Even if it didn’t help grow the game worldwide, even if it didn’t give players a chance to represent their countries, even if it didn’t provide exciting baseball to break up the monotony of spring training, the World Baseball Classic would be worth it, because it has done this year what in five seasons the Angels could not: allow the two best players in the world to play games that matter.
Since 2018—Shohei Ohtani’s first season in MLB—he and Mike Trout have never finished higher than third place. Between the teammates, they have won two of the past four American League MVP awards—Trout in center field, Ohtani at pitcher and DH—and finished second twice more, but they have not enjoyed a single winning season. They have not even played a meaningful game after the All-Star break.
But Ohtani’s Team Japan and Trout’s Team USA have streaked through the WBC, and, after the U.S. routed Cuba on Sunday, 14–2, and Japan walked off Mexico on Monday, 6–5, they earned the right to meet in Tuesday’s final. It’s hard to imagine a better matchup: the U.S.’s All-Star lineup against a collection of Japanese studs at the plate and on the mound. But mostly: Trout vs. Ohtani.
“I think it’s good for baseball,” said Japan center fielder Lars Nootbaar, who was born in the U.S. and said this was the matchup he most hoped to see in the final.
So as not to inflame geopolitical tensions, Mexico lefty Patrick Sandoval—and Ohtani and Trout’s L.A. teammate—declined to identify his rooting interest. “Both of them,” he said, laughing. “I’m playing both sides.” He said the game would be good for “[the Angels], the sport, the world—they’re gonna put on a good show.”
And they both crave the moment. On Monday, with Japan down a run entering the bottom of the ninth, Ohtani walloped the first pitch he saw, tore off his batting helmet before he made it to first base and thrust his arms into the air and roared after he motored into second—a show of emotion he never displays in Angels red.
“It’s been a while since I was playing in a win-or-lose game, a playoff-atmosphere game,” he said afterward, through interpreter Ippei Mizuhara.
Meanwhile, Trout can’t stop gushing about the tournament. “This is the funnest experience I have had on the baseball field,” Trout said last week, adding, “For me, being part of this atmosphere, it’s special. It means a lot to me, and I knew going in it was going to be a fun time. But I never knew it was going to be this fun.”
Both players have recently expressed some frustration that the Angels have been so moribund during their time there. “I have a rather negative impression of this season,” Ohtani said in October, after L.A. finished 73–89. “It’s getting to a point where we’ve got to win,” Trout said this spring. (Ohtani’s displeasure is somewhat more concerning for Angels fans; he can become a free agent after this season and declined last month to pay even lip service to the idea that he would like to remain in L.A., while Trout’s contract runs through 2030.)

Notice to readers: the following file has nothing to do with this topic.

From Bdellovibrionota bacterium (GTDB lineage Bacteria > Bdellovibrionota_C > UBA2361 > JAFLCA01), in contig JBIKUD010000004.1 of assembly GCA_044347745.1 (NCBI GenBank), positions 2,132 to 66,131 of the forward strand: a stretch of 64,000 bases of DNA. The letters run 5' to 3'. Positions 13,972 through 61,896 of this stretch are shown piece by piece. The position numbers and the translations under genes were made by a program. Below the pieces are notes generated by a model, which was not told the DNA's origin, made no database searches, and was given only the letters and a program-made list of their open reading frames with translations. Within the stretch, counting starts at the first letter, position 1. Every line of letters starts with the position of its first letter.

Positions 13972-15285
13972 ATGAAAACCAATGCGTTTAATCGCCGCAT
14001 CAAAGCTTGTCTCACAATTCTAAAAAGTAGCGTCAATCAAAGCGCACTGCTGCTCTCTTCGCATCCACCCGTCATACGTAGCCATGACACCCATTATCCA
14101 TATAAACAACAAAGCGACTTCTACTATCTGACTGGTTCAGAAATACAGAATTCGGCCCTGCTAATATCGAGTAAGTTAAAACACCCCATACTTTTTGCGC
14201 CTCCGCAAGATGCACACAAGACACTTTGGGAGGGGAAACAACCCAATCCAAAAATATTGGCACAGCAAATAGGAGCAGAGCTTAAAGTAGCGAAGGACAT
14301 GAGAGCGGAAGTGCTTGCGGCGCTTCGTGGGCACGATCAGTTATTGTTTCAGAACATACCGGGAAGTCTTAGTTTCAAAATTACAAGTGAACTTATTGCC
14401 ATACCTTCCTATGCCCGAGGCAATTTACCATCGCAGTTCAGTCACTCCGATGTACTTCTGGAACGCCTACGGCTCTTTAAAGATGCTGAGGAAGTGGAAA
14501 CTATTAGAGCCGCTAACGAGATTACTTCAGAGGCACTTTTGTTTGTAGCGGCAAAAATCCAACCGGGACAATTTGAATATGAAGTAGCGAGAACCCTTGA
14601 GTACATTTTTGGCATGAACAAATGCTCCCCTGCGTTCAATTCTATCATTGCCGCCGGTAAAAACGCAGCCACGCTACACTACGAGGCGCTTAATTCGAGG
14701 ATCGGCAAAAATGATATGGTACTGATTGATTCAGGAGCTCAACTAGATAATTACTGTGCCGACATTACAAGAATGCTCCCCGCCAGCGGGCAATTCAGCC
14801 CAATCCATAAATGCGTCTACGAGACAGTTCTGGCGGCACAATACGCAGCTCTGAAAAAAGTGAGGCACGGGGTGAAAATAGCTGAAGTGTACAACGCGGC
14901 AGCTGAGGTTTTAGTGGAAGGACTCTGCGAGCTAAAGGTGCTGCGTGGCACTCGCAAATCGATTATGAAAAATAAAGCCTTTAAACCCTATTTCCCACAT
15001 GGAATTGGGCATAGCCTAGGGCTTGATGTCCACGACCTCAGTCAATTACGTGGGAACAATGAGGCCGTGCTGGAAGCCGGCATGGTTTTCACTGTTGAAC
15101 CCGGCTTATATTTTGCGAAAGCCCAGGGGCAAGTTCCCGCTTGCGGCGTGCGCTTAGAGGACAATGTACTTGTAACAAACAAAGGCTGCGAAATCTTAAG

In any case, if they want to enjoy winning, Tuesday might be their best chance. Fans are not guaranteed the direct Ohtani-Trout pitcher-hitter matchup many coveted. Because Ohtani is expected to start Opening Day on the mound for the Angels, he is scheduled to play only DH on Tuesday. Japan announced Monday night that lefty Shōta Imanaga would start; presumably that leaves Padres righty Yu Darvish to follow him in relief.
But manager Hideki Kuriyama said after Monday’s game there is “not a zero chance” that Ohtani might also pitch in relief. Ohtani himself said, “Mentally, I will be prepared to throw.” He said it might be a challenge to squeeze in a pitching warm-up between at bats, but he did it in 2016, for the Hokkaido Nippon-Ham Fighters—he would hit, then dart to the bullpen to throw, then return to the plate for his next turn.
Ohtani also possesses a flair for the dramatic. He started the 2021 All-Star Game at pitcher and DH because, he said, he knew fans wanted to see it. He launched balls off the scoreboard in batting practice before Monday’s game in what he called an attempt to send a message to Team Mexico: “If you leave a ball up there,” he said, “that’s what’s going to happen.” And given his reaction in the ninth inning, it’s hard to imagine he would turn down a chance to close the title-winning game for Japan.
Even if he just hits, though, he and Trout are sure to captivate baseball fans across the world. Sandoval hoped to watch if his travel back to Arizona for the rest of spring training allowed it. He has never seen these two play in a big moment. Neither has anyone else.